“What needs to be understood is that an animal care facility is much akin to a hospital in that due to the concerns of disease transfer, all air from animal habitat areas including the clinic must be 100% exhausted and not recirculated,” explained Miers. “Hence, there is a need for 100% fresh air that must be heated and cooled. Thus, by its programmatic nature, much of the building is generically inefficient. Typically, an office building has approximately 70% recycled air with 30% fresh air. While it is often cited that this is why such environments are not healthy for people, they do require less air.”

The animal community center is utilizing three types of air handling, provided by high-efficiency roof top units. The offices, classrooms and public areas utilize traditional office building HVAC units with reheat coils and economizers. The “healthy” animals (adoption and holding) area has 100% outside air with heat wheels, and the “sick” animals area and the clinic have 100% outside air without a heat wheel.

According to Miers, a heat wheel is not used in the sick animal area because heat wheels have a 5% disease transfer potential.

“Developing a highly efficient HVAC system to meet LEED standards and yet still providing for the required 100% outside air — and doing so on a very limited budget — was a very difficult task that took the combined efforts of the entire design/contractor/owner team,” said Miers.

There were also challenges with the plumbing because of the project’s requirements.

“Plumbing was a challenge because there are so many drains and special plumbing requirements throughout the facility including the cleaning systems, medical fixtures, grooming fixtures and even a catering kitchen for special events,” said Miers.

A unique aspect of this animal care facility is the water-efficient cleaning system.

According to Miers, the facility’s cleaning system by Spray Masters Technology is a big component of the facility’s water conservation program, and it is approximately 80% efficient when compared to a traditional water hose cleaning system.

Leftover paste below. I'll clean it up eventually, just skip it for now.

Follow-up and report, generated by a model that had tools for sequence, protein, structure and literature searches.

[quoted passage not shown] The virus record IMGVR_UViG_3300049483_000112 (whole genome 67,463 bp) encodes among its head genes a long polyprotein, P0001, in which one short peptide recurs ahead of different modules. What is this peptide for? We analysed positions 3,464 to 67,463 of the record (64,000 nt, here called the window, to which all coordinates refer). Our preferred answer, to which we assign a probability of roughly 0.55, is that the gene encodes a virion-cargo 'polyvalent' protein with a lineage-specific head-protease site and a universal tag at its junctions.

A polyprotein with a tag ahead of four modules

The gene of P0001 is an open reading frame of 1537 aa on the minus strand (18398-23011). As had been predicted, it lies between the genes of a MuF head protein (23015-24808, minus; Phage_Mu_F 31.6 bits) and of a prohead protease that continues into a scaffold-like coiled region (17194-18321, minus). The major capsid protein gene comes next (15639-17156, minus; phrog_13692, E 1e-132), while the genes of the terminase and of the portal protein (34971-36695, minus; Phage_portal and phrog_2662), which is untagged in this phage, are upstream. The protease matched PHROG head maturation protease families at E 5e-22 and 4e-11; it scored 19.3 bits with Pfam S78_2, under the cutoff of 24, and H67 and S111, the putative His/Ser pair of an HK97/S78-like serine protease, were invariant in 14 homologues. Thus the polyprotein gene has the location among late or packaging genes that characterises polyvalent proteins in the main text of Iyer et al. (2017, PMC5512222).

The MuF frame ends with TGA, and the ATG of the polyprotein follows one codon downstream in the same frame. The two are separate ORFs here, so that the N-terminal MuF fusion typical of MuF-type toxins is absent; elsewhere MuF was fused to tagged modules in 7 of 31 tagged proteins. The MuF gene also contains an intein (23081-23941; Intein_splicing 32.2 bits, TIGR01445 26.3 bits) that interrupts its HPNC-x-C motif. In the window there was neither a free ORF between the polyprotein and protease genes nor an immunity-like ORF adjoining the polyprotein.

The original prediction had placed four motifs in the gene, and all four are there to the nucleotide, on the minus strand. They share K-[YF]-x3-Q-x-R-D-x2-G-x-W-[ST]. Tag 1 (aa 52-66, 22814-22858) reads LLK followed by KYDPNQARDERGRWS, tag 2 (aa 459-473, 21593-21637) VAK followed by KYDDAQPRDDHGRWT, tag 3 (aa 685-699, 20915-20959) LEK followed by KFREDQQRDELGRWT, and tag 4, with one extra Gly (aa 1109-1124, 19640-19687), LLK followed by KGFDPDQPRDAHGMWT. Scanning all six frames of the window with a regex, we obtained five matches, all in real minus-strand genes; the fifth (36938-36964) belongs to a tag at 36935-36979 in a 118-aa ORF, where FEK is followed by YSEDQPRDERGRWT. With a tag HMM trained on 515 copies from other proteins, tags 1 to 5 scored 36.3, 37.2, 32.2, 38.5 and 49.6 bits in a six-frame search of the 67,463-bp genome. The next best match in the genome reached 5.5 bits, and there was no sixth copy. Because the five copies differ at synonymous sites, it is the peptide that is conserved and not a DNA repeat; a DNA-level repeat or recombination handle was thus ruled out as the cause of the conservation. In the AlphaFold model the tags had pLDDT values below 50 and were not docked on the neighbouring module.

The majority of plumbing products, including all the floor and roof drains, are Zurn products. Other water-efficient features of the animal care center are low-flow sinks, showers and toilets, drought-tolerant, low-maintenance landscaping, and artificial turf that is being used instead of natural grass in the dog parks.

Even though animal care centers are somewhat comparable to hospitals, they are judged differently when using the U.S.GBC LEED rating system.

“Hospitals have their own version of LEED that allows them to be judged within the context of hospital design criteria while animal shelters do not have a special category and, hence, must satisfy LEED and other energy requirements on the same level as traditional office buildings, said Miers. “It required many innovative design and engineering approaches to accomplish this [LEED Gold]. This is truly a unique facility and a significant gift to the community it serves.”

About the Author

Candace Roulo

Candace Roulo, senior editor of CONTRACTOR and graduate of Michigan State University’s College of Communication Arts & Sciences, has 15 years of industry experience in the media and construction industries. She covers a variety of mechanical contracting topics, from sustainable construction practices and policy issues affecting contractors to continuing education for industry professionals and the best business practices that contractors can implement to run successful businesses.      

Voice your opinion!

To join the conversation, and become an exclusive member of Contractor, create an account today!

Sponsored Recommendations